RSMLT is routing protocol independent, because it is only a manipulation of the data path. The data path is mostly manipulated by changing the forwarding records of specified routing instances. In order to provide and maintain sub-second failover without reliance on any particular routing protocol, changes have been made in Address Resolution Protocol (ARP) communications between neighboring aggregation devices. Moreover, additional IST messages are exchanged between peer aggregation devices and timers are deployed in order to control the updating of entries within the stored forwarding records.
Certain details are set forth below in order to provide a thorough understanding of various embodiments of the invention, albeit the invention may be practiced through many embodiments other than those illustrated. Well-known logic and operations are not set forth in detail in order to avoid unnecessarily obscuring this description.
In the following description, certain terminology is used to describe features of the invention. For example, a “communication device” is an apparatus that propagates information from a source to a destination. Examples of different types of communication devices include, but are hot limited or restricted to the following: a bridge, a router, a switch, or the like.
An “aggregation device” is a communication device that connects to two or more other communication devices. For example, in one embodiment of the invention, the aggregation device may be a switch that connects to multiple wiring closet switches, typically within a single building. Multiple aggregation devices in communication with each other over an Inter Switch Trunk (IST) communication link (described below) are referred to as an “IST peer device” for the other or a “neighboring aggregation device”.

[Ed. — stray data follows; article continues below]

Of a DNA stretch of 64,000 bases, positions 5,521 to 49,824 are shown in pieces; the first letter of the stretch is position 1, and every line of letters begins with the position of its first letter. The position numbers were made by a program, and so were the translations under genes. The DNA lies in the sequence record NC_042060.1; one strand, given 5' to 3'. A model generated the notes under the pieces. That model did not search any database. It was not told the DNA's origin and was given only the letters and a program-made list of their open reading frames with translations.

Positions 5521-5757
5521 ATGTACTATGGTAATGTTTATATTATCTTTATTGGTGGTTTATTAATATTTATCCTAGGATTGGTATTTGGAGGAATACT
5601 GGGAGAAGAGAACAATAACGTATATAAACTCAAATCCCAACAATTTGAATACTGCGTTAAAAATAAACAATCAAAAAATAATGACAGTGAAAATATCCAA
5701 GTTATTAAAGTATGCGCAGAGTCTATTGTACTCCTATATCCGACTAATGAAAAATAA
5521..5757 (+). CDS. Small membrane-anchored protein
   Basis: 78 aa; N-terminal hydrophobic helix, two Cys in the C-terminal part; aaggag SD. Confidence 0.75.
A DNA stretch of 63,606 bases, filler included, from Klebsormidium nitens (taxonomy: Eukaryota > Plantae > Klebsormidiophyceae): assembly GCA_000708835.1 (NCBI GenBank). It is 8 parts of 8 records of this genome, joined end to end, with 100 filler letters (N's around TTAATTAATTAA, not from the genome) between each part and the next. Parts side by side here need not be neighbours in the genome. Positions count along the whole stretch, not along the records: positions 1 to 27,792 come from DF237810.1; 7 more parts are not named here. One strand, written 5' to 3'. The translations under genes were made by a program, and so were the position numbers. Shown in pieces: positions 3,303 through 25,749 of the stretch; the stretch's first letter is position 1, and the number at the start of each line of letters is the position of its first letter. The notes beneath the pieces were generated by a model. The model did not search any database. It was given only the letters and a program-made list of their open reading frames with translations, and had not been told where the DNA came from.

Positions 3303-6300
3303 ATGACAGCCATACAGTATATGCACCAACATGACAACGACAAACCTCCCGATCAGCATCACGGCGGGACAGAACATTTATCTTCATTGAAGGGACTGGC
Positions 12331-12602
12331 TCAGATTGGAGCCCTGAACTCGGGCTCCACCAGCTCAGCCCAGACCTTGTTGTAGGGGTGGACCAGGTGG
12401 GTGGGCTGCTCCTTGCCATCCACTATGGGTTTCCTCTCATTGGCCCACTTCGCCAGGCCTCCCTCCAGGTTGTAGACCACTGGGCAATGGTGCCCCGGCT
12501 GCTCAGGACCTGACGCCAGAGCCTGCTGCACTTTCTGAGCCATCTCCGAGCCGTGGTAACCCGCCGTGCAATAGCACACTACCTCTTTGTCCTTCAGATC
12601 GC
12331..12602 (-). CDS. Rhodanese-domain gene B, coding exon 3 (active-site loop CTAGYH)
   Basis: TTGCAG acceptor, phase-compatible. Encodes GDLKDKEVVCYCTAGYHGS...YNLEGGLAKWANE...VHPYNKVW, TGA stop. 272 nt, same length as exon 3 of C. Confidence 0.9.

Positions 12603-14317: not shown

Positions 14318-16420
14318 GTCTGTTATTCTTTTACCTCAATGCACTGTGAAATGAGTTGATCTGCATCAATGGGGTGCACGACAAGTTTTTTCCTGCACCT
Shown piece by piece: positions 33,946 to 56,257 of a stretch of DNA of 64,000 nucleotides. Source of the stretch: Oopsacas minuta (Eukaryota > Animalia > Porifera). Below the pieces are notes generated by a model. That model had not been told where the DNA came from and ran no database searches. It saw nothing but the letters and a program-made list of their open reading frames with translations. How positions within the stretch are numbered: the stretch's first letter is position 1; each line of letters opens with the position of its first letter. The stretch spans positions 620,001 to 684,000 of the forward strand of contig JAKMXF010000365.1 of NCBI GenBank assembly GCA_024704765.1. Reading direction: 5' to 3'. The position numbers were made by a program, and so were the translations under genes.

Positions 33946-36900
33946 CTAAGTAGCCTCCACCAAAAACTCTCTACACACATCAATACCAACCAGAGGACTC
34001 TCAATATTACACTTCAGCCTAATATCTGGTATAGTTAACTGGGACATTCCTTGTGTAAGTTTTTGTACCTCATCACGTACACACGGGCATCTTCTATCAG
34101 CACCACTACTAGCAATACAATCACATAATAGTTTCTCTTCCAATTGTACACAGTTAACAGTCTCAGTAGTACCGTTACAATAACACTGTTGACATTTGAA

The term “message” is used herein to describe one or more packets that may be created, transmitted, received, stored, or processed by a communication device. Examples of different packet types include, but are not limited or restricted to any one of the following: a frame, a datagram, a user datagram, a cell or any portions thereof.
A “link” or “interconnect” is generally defined as a communication pathway between two or more communication devices. This pathway may be established through information-carrying medium such as, for example, electrical wire(s), optical fiber(s), cable(s), bus trace(s), wireless signaling equipment, or the like. The term “failover” is generally referred to as a condition, in case of a failure such as link or device failure, the peer switch will take over the packet forwarding for the failed device.
The term “Inter Switch Trunk” (or IST) comprises one or more parallel point-to-point links that couple two or more aggregation devices together. The aggregation devices utilize this channel to share information so that they may operate as a single logical device. Each of these aggregation devices is referred to as an “IST peer” device for the other.